Adjustment performance of open economies: some international comparisons

BIS Economic Papers No 10
December 1983


The adjustment problems of small open economies have been a focal point of analysis for many years. Up to the early 1970s, discussion proceeded against a background of international developments dominated by demand shocks, which often originated in divergent and over-ambitious demand management policies and ultimately led to breakdown of the Bretton Woods regime. Thereafter, attention shifted as the world economy became subject mainly to supply shocks, including the commodity boom of 1972-73, the two oil shocks, large fluctuations in real and nominal exchange rates and, in the early 1980s, the emergence of unusually high interest rates internationally. Whereas in the first period, demand disturbances from abroad had affected inflation and unemployment in opposite directions, the second period brought an increase in inflationary pressures and a rise in unemployment at the same time.

These developments, of course, greatly complicated the task of formulating satisfactory adjustment policies, raising in particular the question of how, and at what speed, to respond to supply shocks. It may be observed that the change in underlying supply conditions was a gradual process which began during the second half of the 1960s, though the implications for and constraints on policy formation were less dramatic than in the case of the international price shocks in the early 1970s and were initially recognised in only a few countries. The change may be attributed to both a gradual build-up of inflationary expectations and a slowing-down of productivity growth. It can, therefore, also be interpreted as a "supply side" phenomenon and probably lies behind the steepening slope of the price-output curves evidenced in practically all the industrial countries during the post-war period.

Two further developments which have strongly conditioned policy formation in small open economies have been the generalised move to more flexible exchange rates in the early 1970s and the subsequent adoption in some major countries of targets for the growth of the monetary aggregates. In this environment, and given their openness both as price-takers and in regard to capital movements, small open economies have, with certain exceptions, generally preferred to fix their currencies in relation to that of some larger trading partner rather than to adopt a monetary target. Although the hard-currency option tends to provide a stabilisation pivot for their policies, it may also set constraints that are at times too stringent for the country to cope with.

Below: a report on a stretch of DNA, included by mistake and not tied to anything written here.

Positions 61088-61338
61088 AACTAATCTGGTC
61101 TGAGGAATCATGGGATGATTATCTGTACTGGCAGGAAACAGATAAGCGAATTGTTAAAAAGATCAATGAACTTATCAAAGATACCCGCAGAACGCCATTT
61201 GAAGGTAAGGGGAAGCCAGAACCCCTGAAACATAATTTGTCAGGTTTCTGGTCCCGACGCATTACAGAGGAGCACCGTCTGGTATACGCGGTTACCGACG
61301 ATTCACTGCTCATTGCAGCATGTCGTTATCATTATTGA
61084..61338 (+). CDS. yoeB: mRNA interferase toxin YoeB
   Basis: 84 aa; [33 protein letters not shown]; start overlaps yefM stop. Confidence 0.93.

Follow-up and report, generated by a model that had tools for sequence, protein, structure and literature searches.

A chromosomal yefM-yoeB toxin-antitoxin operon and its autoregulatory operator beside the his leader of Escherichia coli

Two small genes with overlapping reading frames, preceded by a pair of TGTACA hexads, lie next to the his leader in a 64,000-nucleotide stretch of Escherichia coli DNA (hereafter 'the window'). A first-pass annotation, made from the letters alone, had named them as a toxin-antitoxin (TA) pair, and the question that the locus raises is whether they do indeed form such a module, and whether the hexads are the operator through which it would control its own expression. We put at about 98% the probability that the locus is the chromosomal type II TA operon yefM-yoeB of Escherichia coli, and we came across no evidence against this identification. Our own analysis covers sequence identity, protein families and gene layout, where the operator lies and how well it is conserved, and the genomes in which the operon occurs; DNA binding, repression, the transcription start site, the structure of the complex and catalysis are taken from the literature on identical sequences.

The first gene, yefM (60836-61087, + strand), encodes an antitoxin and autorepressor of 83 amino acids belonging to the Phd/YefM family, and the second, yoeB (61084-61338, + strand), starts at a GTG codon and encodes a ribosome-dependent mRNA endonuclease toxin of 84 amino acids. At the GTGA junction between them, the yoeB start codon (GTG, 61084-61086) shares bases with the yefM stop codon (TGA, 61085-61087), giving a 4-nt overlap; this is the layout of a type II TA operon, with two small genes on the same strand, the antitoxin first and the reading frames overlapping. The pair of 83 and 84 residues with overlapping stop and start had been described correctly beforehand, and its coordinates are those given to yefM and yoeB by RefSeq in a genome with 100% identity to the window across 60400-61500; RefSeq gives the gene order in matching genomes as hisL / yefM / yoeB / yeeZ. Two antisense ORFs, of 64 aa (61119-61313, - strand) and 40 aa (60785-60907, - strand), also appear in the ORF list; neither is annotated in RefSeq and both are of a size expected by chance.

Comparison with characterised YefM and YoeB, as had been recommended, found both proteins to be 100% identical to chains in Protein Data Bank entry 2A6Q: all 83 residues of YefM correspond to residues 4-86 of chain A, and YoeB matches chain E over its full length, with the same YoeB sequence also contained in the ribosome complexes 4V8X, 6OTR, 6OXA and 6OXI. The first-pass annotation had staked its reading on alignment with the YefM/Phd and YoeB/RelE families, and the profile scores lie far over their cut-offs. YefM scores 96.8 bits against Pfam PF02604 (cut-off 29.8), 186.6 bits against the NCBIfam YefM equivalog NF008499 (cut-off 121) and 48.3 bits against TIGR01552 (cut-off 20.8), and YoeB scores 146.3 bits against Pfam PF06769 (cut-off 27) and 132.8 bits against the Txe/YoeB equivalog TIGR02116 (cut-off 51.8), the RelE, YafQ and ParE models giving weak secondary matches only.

The stylised model of the small open economy has been the subject of a great deal of theoretical analysis. At the empirical level, of course, there are important differences in the economic position and policy experience of individual countries. At least four differences seem to be of major importance: degree of openness, vulnerability to particular kinds of external shocks, institutional factors and policy responses. Obviously, it is of considerable potential interest to compare the experience of different countries with a view to learning the lessons of developments over the past fifteen years. In particular, it is useful to see to what extent rigidities - due to institutional factors, behavioural patterns or past policy measures - have influenced the adjustment process and thereby either hampered or facilitated the implementation of effective policies. We have chosen for this purpose four countries: Austria, Belgium, Canada and Sweden - a more or less random selection of open economies whose experience, though similar in some respects, has differed widely in others.